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Zimbabweans Approve Of Government’s COVID-19 Response, But Say Relief Assistance Was Distributed Unfairly

A health worker screens and sanitises visitors to prevent the spread of coronavirus disease (COVID-19) outside a hospital in Harare, Zimbabwe

By Newsdesk 



Most Zimbabweans approve of the government’s overall management of the COVID-19 pandemic, although few report receiving pandemic-related assistance and a majority believe that assistance was distributed unfairly, according to the latest Afrobarometer survey.



More than one-third of adults report that their household lost a primary source of income during the pandemic, but far fewer say they benefited from government assistance.



While most citizens say they have been vaccinated against COVID-19, about one in seven say they are unlikely to try to get vaccinated.



Key findings


â–Ş Almost two in 10 Zimbabweans (18%) say a member of their household became ill with COVID-19 or tested positive for the virus. Twice as many (38%) say someone in their household lost a job, business, or primary source of income due to the pandemic.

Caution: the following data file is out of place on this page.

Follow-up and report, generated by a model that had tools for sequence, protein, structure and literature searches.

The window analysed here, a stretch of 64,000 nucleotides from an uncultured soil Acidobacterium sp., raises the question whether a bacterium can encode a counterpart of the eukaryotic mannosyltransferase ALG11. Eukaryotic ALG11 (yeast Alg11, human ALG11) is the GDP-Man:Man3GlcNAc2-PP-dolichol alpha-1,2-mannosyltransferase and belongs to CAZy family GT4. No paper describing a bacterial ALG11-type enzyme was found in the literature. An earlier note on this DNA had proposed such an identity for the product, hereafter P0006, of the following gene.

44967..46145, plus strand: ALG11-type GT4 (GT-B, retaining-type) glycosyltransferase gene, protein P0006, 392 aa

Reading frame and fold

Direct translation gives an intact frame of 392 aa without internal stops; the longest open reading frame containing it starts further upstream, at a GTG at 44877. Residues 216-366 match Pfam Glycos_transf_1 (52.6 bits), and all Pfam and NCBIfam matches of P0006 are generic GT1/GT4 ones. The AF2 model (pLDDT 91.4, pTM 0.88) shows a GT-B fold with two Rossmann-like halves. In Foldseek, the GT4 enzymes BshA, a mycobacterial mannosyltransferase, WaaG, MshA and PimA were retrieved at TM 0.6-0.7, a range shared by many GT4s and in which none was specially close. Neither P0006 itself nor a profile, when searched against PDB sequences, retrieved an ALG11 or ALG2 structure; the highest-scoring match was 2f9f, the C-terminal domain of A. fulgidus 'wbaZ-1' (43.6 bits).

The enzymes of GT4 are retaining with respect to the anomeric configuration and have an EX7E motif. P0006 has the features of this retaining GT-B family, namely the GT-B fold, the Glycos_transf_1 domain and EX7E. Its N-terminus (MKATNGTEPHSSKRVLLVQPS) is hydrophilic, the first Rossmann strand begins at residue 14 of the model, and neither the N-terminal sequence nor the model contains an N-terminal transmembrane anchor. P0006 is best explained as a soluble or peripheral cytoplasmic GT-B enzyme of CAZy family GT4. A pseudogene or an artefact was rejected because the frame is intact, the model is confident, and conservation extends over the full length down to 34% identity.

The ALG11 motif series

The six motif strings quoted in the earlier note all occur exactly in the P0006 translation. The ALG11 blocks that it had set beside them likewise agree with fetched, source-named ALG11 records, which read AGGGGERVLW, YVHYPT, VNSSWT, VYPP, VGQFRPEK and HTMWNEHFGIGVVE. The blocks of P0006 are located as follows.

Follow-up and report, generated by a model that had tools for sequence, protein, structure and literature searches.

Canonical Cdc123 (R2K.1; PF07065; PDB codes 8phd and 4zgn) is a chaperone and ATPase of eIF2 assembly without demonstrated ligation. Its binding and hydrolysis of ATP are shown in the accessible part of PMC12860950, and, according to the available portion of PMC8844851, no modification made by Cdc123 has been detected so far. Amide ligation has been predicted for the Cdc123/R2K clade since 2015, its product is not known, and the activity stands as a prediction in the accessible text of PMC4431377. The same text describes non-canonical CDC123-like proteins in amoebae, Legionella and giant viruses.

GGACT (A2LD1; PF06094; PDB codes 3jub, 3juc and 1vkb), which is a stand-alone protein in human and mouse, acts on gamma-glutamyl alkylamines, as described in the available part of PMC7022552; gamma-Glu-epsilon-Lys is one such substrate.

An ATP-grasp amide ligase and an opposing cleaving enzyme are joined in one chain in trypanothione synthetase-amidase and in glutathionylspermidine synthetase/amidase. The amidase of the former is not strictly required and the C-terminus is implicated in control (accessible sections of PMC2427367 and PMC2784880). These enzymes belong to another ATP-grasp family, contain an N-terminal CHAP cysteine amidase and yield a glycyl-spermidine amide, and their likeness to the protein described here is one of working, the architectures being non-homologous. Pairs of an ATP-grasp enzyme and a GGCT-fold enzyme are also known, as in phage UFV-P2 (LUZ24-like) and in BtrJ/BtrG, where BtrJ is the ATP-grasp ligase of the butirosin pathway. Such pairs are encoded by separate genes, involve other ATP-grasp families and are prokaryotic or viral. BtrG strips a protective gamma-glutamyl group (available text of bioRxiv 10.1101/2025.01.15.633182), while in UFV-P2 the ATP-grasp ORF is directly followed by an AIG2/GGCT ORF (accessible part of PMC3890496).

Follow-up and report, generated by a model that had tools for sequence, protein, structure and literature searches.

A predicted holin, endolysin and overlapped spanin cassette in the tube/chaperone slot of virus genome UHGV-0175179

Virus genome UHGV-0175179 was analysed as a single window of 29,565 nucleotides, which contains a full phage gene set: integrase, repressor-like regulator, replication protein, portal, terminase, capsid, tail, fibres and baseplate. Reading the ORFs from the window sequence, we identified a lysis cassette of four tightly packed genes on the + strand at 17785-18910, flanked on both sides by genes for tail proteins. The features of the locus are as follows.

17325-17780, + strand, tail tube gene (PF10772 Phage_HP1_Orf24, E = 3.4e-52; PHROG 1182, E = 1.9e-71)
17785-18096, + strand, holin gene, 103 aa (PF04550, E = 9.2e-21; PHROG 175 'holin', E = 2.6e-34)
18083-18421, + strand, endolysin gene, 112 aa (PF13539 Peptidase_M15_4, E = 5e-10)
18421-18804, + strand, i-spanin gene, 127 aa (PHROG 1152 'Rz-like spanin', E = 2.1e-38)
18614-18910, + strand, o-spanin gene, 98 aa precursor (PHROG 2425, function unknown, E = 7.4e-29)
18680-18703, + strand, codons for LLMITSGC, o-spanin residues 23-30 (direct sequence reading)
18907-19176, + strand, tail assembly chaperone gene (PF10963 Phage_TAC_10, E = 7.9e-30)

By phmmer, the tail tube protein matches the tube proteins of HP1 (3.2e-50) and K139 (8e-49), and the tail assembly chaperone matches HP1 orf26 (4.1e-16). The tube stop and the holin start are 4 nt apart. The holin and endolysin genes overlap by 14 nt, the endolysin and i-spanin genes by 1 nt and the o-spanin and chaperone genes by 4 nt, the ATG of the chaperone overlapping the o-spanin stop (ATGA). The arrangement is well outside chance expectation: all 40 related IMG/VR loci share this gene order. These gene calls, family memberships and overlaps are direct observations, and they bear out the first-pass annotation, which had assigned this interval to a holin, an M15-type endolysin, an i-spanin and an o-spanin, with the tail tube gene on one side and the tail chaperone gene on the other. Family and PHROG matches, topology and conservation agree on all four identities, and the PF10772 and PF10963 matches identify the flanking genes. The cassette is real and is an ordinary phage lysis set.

. More than seven in 10 citizens (72%) say have been vaccinated against COVID-19.



One in 10 say they are “somewhat likely” (5%) or “very likely” (5%) to get vaccinated, while one in seven say it’s “somewhat unlikely” (4%) or “very unlikely” (11%) that they will try to get vaccinated.



â–Ş Vaccine-hesitant respondents cite a wide variety of reasons they are unlikely to get vaccinated, most commonly related to mistrust of available vaccines.




▪ Three-fourths (75%) of citizens say the government has done “fairly well” or “very well” in managing the response to the COVID-19 pandemic.




â–Ş Zimbabweans overwhelmingly (92%) report that they did not receive COVID-19 relief assistance from the government (Figure 5).




▪ Two-thirds (67%) of citizens say that the distribution of government support to citizens during the COVID-19 pandemic was “somewhat unfair” or “very unfair”


Robert Tapfumaneyi